Instead of the plethora of gods, I pray to the astro-engineers and architects and builders and the mechanical men who carved out a whole new world here on the outer Kuiper. I thank them for their ingenuity, patience, and skill. But the silence here now is nearly deafening. What a strange thing. But even so, there are at times distant rattles, invisible things falling, dust skittering in the low light. They often frighten me because it makes me wonder if I am truly alone after all.

Author’s note: I hope to craft more of this story over time as an experiment in writing some science fiction. Thanks for reading and supporting independent content creators who just want to do what they love to do.

The Misty-Eyed Stormtrooper (Episode III)

Photo of sliced bread. Misty-Eyed Stormtrooper.
Photo by Marcel Fiedler on Pexels.com

The Life Stopper Challenge

Karl the stormtrooper carefully balanced the board on which rested his hazelnut 12-grain bread as he made his way through a hypnotic corridor at Outpost 9 on the planet Placitas in the galaxy of Fresh.

When he arrived at the quarters of Commander Altiar, he nervously pressed the call button and waited.

 “Yes, what is it?” came the voice of the commander from the other side of somewhere.

“It’s Karl, sir. The stormtrooper. I’ve come with the bread you requested.

The door quickly slid open with a swoosh, and Karl stepped inside. The commander’s quarters were opulent compared to the simple, crowded barracks that the young stormtrooper was accustomed to. He looked around at the elaborate furnishings, the decorated walls, the large windows looking out upon the rutty, desert-like landscape of the planet Placitas and all the dots of light in the night sky that roared above it. The commander was out of uniform and was wearing a shiny robe of red and black that went down to his shins. His feet were bare, and it all struck Karl as very odd for he had never seen a commanding officer in a robe and with bare feet before. Those two worlds rarely mixed, if ever.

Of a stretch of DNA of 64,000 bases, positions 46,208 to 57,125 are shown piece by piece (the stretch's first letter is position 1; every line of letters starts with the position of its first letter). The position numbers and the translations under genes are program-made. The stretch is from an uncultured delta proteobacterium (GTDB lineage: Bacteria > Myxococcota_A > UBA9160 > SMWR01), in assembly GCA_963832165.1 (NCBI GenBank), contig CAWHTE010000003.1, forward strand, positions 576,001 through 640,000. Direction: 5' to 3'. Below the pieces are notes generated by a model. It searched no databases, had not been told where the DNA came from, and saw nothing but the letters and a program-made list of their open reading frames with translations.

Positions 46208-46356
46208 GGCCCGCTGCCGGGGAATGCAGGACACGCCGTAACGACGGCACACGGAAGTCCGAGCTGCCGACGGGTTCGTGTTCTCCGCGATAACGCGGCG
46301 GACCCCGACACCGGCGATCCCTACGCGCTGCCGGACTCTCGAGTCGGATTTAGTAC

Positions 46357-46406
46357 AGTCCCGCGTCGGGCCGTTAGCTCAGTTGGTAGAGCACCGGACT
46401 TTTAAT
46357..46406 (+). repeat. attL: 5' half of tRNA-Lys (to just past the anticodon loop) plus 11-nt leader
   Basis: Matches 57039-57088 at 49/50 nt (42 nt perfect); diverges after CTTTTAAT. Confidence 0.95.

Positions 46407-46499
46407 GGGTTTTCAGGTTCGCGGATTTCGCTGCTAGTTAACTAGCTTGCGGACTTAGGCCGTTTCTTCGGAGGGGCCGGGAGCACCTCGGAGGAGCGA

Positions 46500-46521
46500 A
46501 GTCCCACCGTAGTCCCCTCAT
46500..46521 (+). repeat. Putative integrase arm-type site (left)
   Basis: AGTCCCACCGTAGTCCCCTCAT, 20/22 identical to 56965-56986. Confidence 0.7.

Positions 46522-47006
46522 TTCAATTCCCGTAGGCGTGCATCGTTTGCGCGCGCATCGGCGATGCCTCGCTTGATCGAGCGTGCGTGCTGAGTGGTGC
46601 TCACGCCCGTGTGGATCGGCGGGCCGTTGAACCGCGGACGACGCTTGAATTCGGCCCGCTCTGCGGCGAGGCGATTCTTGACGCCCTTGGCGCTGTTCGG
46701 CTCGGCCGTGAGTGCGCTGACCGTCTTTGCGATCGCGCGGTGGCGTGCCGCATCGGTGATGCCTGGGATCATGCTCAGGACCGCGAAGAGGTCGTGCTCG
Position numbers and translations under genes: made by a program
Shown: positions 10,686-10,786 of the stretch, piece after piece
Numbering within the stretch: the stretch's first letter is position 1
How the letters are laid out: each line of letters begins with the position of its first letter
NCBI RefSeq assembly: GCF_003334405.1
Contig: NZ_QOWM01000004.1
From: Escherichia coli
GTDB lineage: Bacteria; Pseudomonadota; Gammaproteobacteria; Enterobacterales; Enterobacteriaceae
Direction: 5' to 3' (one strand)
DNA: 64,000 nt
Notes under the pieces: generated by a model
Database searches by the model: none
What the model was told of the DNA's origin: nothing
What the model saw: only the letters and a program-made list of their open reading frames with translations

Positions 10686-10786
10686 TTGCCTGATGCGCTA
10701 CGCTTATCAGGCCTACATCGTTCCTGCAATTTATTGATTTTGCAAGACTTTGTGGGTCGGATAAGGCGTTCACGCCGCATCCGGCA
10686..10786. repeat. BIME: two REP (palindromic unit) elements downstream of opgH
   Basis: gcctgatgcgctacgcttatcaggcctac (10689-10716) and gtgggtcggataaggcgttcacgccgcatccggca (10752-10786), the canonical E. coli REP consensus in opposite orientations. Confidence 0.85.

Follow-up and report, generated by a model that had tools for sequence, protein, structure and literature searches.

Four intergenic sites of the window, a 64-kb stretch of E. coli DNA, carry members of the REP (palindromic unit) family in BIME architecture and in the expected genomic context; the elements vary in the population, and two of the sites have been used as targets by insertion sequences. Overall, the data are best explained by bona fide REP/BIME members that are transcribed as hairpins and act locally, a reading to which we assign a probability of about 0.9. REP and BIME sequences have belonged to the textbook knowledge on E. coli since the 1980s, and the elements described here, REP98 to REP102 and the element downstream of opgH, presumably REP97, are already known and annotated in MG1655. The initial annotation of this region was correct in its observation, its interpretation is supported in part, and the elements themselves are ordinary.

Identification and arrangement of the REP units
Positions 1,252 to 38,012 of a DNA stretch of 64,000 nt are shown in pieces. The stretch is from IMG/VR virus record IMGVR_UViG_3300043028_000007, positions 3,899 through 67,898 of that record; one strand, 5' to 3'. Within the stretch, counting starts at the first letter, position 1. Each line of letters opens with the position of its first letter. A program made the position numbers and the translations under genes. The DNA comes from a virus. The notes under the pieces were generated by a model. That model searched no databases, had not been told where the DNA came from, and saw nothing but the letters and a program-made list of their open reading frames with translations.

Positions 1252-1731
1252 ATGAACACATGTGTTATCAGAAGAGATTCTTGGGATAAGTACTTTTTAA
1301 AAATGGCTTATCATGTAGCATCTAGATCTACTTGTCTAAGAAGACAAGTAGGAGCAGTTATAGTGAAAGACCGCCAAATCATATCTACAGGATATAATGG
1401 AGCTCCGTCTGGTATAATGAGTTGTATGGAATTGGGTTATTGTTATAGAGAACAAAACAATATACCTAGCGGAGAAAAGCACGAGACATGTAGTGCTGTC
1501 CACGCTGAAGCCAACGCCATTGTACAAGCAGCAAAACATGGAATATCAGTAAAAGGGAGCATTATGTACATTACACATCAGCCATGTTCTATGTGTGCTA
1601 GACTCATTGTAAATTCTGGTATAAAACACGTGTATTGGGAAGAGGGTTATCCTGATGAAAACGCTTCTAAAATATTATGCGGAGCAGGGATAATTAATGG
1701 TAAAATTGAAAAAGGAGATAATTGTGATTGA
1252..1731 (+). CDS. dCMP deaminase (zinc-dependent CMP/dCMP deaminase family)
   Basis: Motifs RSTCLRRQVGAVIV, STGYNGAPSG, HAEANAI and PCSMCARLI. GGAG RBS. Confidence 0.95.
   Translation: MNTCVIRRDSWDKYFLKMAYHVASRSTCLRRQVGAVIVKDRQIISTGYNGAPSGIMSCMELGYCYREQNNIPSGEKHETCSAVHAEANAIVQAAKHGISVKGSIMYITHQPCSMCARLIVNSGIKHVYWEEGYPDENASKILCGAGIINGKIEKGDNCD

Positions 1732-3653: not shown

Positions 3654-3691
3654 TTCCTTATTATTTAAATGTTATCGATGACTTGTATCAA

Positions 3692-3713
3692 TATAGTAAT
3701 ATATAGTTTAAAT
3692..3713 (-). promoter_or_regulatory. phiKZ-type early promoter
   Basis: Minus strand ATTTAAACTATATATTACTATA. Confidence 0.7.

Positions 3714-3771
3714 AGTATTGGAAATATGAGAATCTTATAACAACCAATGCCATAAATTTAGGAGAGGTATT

The commander took notice of the young stormtrooper’s obvious discomfort and chuckled. “You don’t believe that I’m always in uniform, do you Karl? I do take time to unwind and relax. I have to shower and change clothes like everyone else. Please, come in. You can set your bread down over here. I’ll grab a knife.”

Karl set the bread board down as ordered and waited. The commander returned with a large, silver bread knife with a glinting, gently serrated edge. He waved it around recklessly as he spoke. “I must tell you, Karl. I’ve really been looking forward to this. I know it may seem strange to you that I’m so excited about bread, but sometimes being a commander in the Evil Empire doesn’t allow a proper balance between work and a personal life. I’m afraid having hobbies and other interests outside my official duties are often frowned upon by the higher ups, so it’s nice to be able to indulge when one can… Now, let’ see what we have here.” The commander diligently looked the loaf over. “The color is good,” he said. He picked it up and rapped a knuckle against the bottom. A hollow sound would indicate to him that it had been baked long enough. “Seems done,” he said with a pleased smile.

Karl nervously looked on as the commander worked the knife into the center of the loaf with a precise sawing motion. Once cut through, the commander picked up one half and studied the interior. “Hmm, looks like you have a good dough structure, it’s not over or under proofed so the rise is nearly perfect.” He flipped the half loaf around to look at the underside again. “No soggy bottom here.” He poked at the inside with a finger and was happy with the spring back. He looked up at Karl and smiled. “That’s an excellent bake. You really nailed it. But let’s hope it tastes just as good as it looks.”

“Yes, sir. Thank you, sir.”